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Test-Driven Development

Before you write any method in any class, figure out what the method is supposed to accomplish and then write a test to verify that the method does what it's supposed to do. Take for example the CircularCounter class from my last article. To test that class, we need the following Ruby code to be saved into a file called tc_CircularCounter.rb, which we can then run through the Test::Unit testing framework. (The set_up and tear_down methods are called by Test::Unit for every test case to make sure that each unit test starts off with known values.)

require 'test/unit'
require 'CircularCounter'

class TC_CircularCounter < Test::Unit::TestCase
 def set_up # sets up the initial values for each test
  @counter = CircularCounter.new(8,6)
 end
 def test_increment
  @counter.increment
  assert_equal(7, @counter.value, "Failed to increment")
 end
 def tear_down # does any necessary cleanup for each test
  @counter = nil
 end
end

Running this code will demonstrate that we haven't yet implemented the methods:

>ruby tc_CircularCounter.rb
tc_CircularCounter.rb:2:in ´require':
No such file to load -- CircularCounter (LoadError)
    from tc_CircularCounter.rb:2
Loaded suite tc_CircularCounter
Started...

Finished in 0.01 seconds.
0 runs, 0 assertions, 0 failures, 0 errors

No real surprises there. It can't load the CircularCounter file because it hasn't been written yet. No problem; just grab the definition from last time and save it into CircularCounter.rb.

class CircularCounter
 def initialize (limit, initialValue)
  @limit, @value = limit, initialValue
 end
 def value
  @value #could use 'return @value' to be more explicit
 end
 def reset
  @value = 0
 end
 def increment # returns true if overflow occurred
  @value = @value + 1
  if (value >= @limit)
   reset
   true
  else
   false
  end
 end
end

Rerunning the unit test shows that the CircularCounter class is now found and the assertion we made that the counter would be incremented turns out to be true:

>ruby tc_CircularCounter.rb
Loaded suite tc_CircularCounter
Started...
..
Finished in 0.01 seconds.
1 runs, 1 assertions, 0 failures, 0 errors

To make sure that the counter rolls over the limit correctly, we should add another assertion to the test_increment method:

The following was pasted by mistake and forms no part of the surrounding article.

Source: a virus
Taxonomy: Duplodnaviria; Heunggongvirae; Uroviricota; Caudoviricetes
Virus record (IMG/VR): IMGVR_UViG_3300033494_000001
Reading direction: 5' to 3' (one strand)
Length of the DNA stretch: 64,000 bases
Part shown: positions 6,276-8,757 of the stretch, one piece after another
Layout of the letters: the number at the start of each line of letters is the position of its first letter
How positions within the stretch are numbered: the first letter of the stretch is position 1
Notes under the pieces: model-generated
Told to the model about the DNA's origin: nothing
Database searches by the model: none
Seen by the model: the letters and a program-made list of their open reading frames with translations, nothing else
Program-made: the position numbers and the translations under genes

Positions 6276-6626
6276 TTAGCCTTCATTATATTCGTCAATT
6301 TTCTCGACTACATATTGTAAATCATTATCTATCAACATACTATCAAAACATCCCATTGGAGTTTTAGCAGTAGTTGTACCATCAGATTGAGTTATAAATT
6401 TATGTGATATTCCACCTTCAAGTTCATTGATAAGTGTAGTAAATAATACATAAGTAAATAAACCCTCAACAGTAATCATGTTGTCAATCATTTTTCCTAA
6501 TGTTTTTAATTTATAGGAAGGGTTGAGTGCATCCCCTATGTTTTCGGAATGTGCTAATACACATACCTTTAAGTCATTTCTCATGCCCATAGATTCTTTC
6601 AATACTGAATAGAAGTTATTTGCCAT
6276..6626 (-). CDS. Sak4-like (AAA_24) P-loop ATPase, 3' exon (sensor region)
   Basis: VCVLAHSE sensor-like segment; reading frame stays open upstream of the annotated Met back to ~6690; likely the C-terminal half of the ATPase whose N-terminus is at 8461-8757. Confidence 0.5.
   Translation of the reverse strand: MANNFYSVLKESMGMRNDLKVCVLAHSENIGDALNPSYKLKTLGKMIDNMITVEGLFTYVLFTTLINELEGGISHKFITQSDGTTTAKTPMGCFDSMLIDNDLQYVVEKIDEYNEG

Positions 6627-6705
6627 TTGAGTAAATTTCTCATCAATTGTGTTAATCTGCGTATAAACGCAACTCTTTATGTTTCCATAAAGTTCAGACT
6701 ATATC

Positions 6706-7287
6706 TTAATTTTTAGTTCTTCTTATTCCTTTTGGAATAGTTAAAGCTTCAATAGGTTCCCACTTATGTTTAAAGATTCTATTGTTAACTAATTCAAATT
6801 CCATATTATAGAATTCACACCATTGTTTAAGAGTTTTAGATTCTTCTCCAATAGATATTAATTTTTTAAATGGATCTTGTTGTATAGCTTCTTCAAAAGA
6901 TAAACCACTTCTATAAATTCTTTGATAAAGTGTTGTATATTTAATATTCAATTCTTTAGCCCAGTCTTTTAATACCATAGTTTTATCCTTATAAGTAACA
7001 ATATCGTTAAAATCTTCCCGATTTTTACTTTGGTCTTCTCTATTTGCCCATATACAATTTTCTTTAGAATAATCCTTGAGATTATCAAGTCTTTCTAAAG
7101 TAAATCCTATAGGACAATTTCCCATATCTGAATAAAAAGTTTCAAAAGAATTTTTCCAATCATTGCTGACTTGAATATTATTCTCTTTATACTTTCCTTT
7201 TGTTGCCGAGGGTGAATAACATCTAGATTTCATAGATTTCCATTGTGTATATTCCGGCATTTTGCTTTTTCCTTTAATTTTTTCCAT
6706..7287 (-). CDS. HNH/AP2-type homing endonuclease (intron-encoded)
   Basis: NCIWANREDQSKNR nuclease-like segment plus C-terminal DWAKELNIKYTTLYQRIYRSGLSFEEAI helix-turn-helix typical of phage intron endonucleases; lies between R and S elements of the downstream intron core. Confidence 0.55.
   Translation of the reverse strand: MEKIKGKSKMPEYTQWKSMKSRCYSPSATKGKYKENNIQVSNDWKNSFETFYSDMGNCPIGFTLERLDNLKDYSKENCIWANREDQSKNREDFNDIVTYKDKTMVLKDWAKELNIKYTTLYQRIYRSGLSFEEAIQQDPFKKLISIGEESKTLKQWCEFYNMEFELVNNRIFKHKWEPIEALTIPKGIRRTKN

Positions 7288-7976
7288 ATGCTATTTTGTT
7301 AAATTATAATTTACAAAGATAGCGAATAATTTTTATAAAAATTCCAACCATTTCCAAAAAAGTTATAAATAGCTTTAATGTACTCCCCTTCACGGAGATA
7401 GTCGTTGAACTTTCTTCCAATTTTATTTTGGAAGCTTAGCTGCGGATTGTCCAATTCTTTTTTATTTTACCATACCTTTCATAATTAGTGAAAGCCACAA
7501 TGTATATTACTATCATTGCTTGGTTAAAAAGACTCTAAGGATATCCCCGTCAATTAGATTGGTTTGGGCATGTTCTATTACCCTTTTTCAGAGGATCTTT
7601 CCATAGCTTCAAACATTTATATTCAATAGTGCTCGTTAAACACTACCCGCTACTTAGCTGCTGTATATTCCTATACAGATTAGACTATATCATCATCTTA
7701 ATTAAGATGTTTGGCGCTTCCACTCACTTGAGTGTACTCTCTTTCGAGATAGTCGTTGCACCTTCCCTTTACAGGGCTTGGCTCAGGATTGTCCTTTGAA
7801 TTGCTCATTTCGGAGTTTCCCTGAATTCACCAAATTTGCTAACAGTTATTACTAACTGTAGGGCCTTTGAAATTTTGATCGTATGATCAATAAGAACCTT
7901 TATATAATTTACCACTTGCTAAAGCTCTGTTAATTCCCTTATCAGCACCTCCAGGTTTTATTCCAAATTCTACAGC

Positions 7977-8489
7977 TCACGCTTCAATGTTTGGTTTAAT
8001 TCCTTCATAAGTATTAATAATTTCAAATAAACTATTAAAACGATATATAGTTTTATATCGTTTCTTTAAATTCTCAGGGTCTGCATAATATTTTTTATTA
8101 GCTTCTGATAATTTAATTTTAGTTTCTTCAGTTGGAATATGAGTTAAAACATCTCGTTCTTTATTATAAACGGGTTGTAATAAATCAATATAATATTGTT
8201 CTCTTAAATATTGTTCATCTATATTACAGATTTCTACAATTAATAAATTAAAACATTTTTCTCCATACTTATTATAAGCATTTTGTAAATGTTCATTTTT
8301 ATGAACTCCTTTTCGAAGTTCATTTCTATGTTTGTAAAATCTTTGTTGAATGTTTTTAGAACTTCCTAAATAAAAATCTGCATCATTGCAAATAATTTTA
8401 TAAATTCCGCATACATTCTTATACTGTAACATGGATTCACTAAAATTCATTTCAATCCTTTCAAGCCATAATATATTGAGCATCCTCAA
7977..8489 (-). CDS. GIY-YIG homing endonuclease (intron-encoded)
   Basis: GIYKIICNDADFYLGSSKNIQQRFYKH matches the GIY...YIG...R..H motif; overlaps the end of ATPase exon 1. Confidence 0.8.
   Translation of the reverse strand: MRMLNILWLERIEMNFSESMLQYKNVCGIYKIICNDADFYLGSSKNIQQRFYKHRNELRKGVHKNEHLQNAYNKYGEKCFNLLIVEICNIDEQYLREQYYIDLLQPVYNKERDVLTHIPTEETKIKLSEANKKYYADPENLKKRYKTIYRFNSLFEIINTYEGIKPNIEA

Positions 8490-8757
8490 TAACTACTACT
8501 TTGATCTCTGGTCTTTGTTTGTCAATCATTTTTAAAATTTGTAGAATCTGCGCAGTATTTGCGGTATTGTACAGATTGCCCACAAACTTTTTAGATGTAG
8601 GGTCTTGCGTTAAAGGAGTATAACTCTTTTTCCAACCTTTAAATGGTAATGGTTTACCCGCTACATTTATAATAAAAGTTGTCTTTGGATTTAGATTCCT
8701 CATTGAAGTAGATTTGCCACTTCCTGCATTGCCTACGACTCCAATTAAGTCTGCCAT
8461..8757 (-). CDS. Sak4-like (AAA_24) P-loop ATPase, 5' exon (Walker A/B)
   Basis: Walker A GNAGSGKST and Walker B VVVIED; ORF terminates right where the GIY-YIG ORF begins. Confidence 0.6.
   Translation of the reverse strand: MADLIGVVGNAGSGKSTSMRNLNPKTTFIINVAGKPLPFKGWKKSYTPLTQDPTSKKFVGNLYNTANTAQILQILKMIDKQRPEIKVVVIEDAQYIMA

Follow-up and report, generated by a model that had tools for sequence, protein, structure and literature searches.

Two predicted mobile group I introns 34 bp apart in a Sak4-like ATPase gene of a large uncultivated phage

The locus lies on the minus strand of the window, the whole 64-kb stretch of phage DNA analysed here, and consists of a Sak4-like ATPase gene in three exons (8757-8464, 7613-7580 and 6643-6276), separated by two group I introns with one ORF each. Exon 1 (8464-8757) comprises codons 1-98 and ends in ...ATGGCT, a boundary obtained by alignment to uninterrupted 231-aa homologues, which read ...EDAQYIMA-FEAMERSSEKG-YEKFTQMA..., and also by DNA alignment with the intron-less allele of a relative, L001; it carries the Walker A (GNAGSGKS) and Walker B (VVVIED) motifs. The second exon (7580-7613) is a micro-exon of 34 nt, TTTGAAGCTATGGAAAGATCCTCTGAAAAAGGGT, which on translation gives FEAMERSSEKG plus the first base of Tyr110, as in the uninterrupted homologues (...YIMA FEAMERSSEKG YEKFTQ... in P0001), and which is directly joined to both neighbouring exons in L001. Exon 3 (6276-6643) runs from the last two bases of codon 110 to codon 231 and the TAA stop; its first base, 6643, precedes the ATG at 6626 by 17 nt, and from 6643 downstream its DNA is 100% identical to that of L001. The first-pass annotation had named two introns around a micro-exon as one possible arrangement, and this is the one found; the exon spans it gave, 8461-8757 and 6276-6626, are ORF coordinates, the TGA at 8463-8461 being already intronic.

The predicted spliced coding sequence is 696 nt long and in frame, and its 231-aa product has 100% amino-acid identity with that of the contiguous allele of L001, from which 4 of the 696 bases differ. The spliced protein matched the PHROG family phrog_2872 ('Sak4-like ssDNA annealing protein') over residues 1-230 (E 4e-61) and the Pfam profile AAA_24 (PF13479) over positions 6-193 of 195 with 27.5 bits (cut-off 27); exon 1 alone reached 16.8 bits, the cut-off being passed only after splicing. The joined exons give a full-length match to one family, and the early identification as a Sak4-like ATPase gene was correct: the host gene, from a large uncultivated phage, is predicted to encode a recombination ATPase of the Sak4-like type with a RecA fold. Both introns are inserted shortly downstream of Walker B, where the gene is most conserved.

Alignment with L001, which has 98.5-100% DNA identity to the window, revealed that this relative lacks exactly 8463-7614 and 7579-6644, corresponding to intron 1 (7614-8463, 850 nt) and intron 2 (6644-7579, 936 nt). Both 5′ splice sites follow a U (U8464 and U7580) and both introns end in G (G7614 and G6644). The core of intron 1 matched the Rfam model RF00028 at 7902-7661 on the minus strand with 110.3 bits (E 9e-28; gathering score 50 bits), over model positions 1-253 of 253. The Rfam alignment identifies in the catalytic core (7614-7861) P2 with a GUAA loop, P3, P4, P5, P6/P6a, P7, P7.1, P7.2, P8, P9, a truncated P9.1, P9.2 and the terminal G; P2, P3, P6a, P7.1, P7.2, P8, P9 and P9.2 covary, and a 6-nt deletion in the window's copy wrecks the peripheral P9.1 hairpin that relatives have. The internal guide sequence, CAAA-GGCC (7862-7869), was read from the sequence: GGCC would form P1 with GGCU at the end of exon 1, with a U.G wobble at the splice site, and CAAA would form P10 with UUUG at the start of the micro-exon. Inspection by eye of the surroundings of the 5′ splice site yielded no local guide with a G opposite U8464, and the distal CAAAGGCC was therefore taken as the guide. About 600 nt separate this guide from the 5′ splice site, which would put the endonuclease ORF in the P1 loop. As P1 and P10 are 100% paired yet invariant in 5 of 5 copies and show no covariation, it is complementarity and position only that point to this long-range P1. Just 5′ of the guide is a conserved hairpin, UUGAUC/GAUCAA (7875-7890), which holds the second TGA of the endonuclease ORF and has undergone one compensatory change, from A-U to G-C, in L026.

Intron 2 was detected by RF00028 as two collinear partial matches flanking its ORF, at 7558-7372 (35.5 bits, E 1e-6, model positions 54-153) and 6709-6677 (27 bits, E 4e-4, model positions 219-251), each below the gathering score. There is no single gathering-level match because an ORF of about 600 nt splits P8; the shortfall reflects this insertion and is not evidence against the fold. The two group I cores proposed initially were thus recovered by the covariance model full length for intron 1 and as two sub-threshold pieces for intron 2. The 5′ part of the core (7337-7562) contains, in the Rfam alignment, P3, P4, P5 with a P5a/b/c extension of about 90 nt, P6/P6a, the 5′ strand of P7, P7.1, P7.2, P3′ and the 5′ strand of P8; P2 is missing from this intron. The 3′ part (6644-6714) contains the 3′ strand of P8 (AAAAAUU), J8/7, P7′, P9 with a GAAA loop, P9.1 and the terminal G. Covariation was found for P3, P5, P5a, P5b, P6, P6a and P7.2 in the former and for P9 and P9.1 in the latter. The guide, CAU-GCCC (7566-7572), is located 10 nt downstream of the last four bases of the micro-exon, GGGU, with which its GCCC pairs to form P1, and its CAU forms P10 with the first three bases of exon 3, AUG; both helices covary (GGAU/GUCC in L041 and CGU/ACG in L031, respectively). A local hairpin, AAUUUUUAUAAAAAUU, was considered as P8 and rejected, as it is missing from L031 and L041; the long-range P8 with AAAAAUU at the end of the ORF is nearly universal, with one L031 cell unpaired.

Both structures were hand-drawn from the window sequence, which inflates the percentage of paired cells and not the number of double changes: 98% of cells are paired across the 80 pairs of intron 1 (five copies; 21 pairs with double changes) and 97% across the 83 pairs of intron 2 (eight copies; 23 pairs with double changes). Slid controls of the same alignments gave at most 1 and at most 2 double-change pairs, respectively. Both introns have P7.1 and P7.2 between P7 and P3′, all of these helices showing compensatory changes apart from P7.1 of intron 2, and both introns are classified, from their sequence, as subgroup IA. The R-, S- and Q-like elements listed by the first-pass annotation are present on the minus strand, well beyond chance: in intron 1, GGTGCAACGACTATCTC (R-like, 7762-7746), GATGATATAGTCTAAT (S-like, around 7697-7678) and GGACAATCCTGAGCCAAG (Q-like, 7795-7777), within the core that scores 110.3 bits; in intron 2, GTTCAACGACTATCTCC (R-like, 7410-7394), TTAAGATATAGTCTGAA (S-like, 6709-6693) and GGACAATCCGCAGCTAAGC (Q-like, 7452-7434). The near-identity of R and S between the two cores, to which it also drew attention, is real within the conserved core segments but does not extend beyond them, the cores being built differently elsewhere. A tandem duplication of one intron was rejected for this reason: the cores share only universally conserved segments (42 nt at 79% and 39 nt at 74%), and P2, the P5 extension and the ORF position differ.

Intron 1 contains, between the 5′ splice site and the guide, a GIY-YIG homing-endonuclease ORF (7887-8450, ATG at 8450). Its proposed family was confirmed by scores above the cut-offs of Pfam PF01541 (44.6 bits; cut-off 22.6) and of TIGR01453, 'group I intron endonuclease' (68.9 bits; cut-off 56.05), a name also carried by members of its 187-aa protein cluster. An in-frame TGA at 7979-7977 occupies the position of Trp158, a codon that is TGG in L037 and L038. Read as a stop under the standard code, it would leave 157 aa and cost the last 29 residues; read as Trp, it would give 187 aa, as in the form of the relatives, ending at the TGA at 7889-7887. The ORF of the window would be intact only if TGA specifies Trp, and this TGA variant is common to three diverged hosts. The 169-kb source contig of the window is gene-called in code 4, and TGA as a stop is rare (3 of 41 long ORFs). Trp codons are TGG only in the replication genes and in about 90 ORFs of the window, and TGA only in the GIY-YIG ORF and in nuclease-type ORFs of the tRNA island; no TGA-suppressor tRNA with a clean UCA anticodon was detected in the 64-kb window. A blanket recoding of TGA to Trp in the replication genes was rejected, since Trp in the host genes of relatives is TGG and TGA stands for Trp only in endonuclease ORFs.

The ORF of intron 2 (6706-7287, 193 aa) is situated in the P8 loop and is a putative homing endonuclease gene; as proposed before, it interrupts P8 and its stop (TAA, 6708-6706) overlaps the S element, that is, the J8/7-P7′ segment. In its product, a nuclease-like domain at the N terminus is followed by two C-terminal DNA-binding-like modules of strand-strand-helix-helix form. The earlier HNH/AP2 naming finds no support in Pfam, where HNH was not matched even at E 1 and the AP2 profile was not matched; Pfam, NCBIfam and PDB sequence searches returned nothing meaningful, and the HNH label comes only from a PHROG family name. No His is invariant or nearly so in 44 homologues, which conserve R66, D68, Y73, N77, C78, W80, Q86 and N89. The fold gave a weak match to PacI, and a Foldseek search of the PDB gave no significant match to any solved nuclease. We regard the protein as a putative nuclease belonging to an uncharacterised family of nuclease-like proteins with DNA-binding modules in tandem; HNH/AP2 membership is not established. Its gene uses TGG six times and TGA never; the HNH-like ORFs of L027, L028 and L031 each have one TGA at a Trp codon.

def test_increment
 @counter.increment
 assert_equal(7, @counter.value, "Failed to increment")
 7.times {@counter.increment}
 assert_equal(6, @counter.value, "Failed to roll over")
end

Running the unit test will then show that both assertions are true:

1 runs, 2 assertions, 0 failures, 0 errors

Since this is looking rather boring, let's introduce a deliberate (though easy to make) mistake. Say, for example, we had written this:

if (value > @limit)

rather than the correct entry:

if (value >= @limit)

The unit tests would have complained with the following message:

>ruby tc_CircularCounter.rb
Loaded suite tc_CircularCounter
Started...
..
Failure occurred in test_increment(TC_CircularCounter)
[tc_CircularCounter.rb:12]: Failed to roll over.
Expected <6> but was <5>

Finished in 0.05 seconds.
1 runs, 2 assertions, 1 failures, 0 errors

Test::Unit reports the failing assertion, telling us the line number of the failing assert, printing out our error message Failed to roll over, and it prints both the value we expected to see and the actual value. Given all of that information, the mistake is usually very easy to see—if it isn't immediately obvious, either get someone else to have a look or add more assertions to the test code. In our case, we can exploit the fact that on rollover the increment method is supposed to return true. (We also have to reduce the number of times we call increment in the loop because we're also calling it twice outside the loop.)

def test_increment
 @counter.increment
 assert_equal(7, @counter.value, "Failed to increment")
 assert(@counter.increment, "Should have rolled over")
 assert(!@counter.increment, "Should not have rolled over")
 5.times {@counter.increment}
 assert_equal(6, @counter.value, "Failed to roll over")
end

With this extra assertion, Test::Unit will now report that the CircularCounter failed to roll over, giving an even stronger hint about the (deliberate) mistake:

Failure occurred in test_increment(TC_CircularCounter)
[tc_CircularCounter.rb:11]: Should have rolled over
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